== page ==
Talking To Myself – Why it isn’t as crazy as our school teachers said it would be

I talk to myself. A lot. Many times when I observed things around me, I’d talk to myself as if there was another me to discuss with things that I have seen. Of course, you can be assured that I wasn’t literally talking to myself, but it’s more of an internal talk that I have inside me. Like a left brain and right brain intimate relationship. It’s just that I have yet to figure out how to bring this level of intimacy into another level. Hehe.

When I was a kid, still in school lining up for classes and holding the hands of the girl who would sit besides me in class, my teacher used to teach us this: talking to ourselves is not normal, and it is a sign of lunacy. I have a pretty decent brain, so, time to time, I’d remember certain things that took place in my life that others tend to not want to remember. And so, this is how I remember that, till date, I’m still a lunatic.

But I have another side of me – the logical and unbiased side – that gets awaken from the deep sleep occasionally. Sometimes, I’d look back and ask myself (yeah, another sign of me talking to Andy again), “What’s so bad about talking to myself?”

I couldn’t find an answer that would prove this wrong, so I’m going to give in to the temptation to give up. I’m not going to search for an answer to this.


I have an answer to why talking to myself is actually good.

Whenever things happen, I’ll have 2 sides of me to manage the situations for me. One will be the impulsive side, which will lure me into doing something or anything on impulse. The other is the analytical side, which will breakdown the situations into pieces for me, and then suggest a few ways out of the issues. The 2 of them will discuss, and I will decide which are the best ways to manage what happened. Technically, I have 3 sides. One is just mainly deciding.

Ever noticed that I seldom used the word “should” in my blog? Well, usually the word “should” would have been sorted out by the 2 guys in my brains before I bring the conclusion out into reality.

I’ve looked back at my life’s past journeys, and I thought about what would have happened if I DID NOT have these 2 guys living inside me. I concluded my thoughts with one word: TRAGIC. I’m going to use a story to prove my point here.

On time, I was on board a bus on my way home. It was the evening rush hour, and the queue was crazy. Essentially, it was the same everyday, and it had became a norm for us commuters to be part of the endless line of humans. So, putting on my earphones, I waited patiently for the bus to arrive, and once it had, I waited for the queue to move in order to board.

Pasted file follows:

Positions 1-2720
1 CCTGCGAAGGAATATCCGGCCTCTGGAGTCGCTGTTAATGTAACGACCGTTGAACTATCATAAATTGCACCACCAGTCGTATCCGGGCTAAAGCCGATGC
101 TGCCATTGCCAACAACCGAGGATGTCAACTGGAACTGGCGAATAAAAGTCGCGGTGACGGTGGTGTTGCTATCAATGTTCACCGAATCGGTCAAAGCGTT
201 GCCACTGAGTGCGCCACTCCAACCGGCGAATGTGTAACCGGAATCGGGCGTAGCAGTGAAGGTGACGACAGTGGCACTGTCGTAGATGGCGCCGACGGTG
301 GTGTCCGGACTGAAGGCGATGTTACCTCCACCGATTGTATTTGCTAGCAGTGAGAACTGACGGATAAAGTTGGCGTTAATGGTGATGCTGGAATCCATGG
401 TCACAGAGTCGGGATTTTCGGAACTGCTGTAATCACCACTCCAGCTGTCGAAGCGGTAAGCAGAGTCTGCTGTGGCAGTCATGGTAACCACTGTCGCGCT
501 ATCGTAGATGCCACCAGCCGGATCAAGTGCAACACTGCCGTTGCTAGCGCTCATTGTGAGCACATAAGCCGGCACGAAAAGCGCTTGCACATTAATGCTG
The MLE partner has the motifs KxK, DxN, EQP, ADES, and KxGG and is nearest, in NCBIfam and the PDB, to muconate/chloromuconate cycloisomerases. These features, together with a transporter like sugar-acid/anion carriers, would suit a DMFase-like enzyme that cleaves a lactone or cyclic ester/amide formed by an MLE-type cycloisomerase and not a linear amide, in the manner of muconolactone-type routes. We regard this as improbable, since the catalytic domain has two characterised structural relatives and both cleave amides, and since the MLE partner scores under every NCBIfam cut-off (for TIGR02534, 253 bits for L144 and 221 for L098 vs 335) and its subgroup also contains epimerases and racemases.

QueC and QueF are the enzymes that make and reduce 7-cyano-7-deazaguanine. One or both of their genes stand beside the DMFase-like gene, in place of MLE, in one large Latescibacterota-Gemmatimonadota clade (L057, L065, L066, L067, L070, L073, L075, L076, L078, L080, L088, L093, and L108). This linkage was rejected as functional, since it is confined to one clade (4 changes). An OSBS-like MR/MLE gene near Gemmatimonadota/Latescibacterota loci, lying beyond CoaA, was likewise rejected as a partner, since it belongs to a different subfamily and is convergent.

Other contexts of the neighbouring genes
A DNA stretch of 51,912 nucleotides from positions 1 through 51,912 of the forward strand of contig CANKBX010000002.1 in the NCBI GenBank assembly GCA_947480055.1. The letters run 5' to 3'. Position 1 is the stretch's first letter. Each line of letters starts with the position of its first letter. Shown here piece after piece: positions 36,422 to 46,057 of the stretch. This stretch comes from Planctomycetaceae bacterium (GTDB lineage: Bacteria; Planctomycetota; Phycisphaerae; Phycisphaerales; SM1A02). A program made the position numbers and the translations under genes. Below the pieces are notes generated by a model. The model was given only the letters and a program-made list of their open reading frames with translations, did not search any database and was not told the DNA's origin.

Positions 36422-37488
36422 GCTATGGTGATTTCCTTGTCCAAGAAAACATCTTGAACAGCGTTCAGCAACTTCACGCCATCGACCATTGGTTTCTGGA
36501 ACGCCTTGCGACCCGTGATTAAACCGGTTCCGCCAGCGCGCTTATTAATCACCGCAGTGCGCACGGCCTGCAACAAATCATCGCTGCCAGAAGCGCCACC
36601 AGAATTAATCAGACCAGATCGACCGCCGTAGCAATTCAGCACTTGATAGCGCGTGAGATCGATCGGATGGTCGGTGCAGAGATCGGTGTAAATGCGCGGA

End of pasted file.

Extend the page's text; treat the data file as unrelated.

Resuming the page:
I have to mention here that throughout the whole waiting and boarding, I was doing nothing but only looking around (okay, my eyes were on my phone) with music playing into my ears through the not-so-secure earphones that Apple packaged together with the iPhone purchase.

As I was tapping my card during boarding, the queue came to a short halt, as people were sitting and moving around within the bus cabin looking for spaces to stand. So naturally, I stopped moving forward because the person in front of me stopped along with the queue.

Then I felt a push on my back from someone behind me.

I looked behind, and saw this guy – dressed sloppily and slinging on to two recyclable bags that were full of don’t-know-what on both his shoulders – looking at me with an I’m-provoking-you kind of look and smirk. The crowd was still moving, and there was no options for me to stop to question him. Hence, I turned back and continued walking towards the back of the bus.

That day was considered a lucky one, for I managed to find a seat on the second last row of the bus. I took off my bag from my shoulders, put it on my lap and sat my ass down to enjoy the short ride. It was a feeder bus service with only 4 stops in total, so the majority of the commuters would alight at the 2nd stop before the bus made a U-turn and headed back to the Interchange. It was also luck on my hands, because the guy who pushed me sat diagonally behind me, just on my right side.

I did not intend to pursue the matter, as I thought – I gave him the benefit of the doubt – that his push was unintentional. The crowd could have rushed into the bus, and he could, out of balancing himself, pushed me due whatever that happened beyond his control. I rested my ass and continued with the enjoying of the songs playing from my phone.

Then I heard someone talking.

Even though I could not make out what he was talking about, I was certain that it was somewhere along the line of verbal attacks using humiliating words. Curious about who and what, I turned my head to my right (it was coming from my right side). The other commuter, sitting across me on the right side of the bus, turned to me with a “what the fuck” look on his face. Thankfully, because of the way the earphones were designed, right earpiece loosened up a little as I turned my head. That was when I heard a voice diagonally behind me saying, “Some people just aren’t human…..ill disciplined, no family upbringing….*blurring speech*”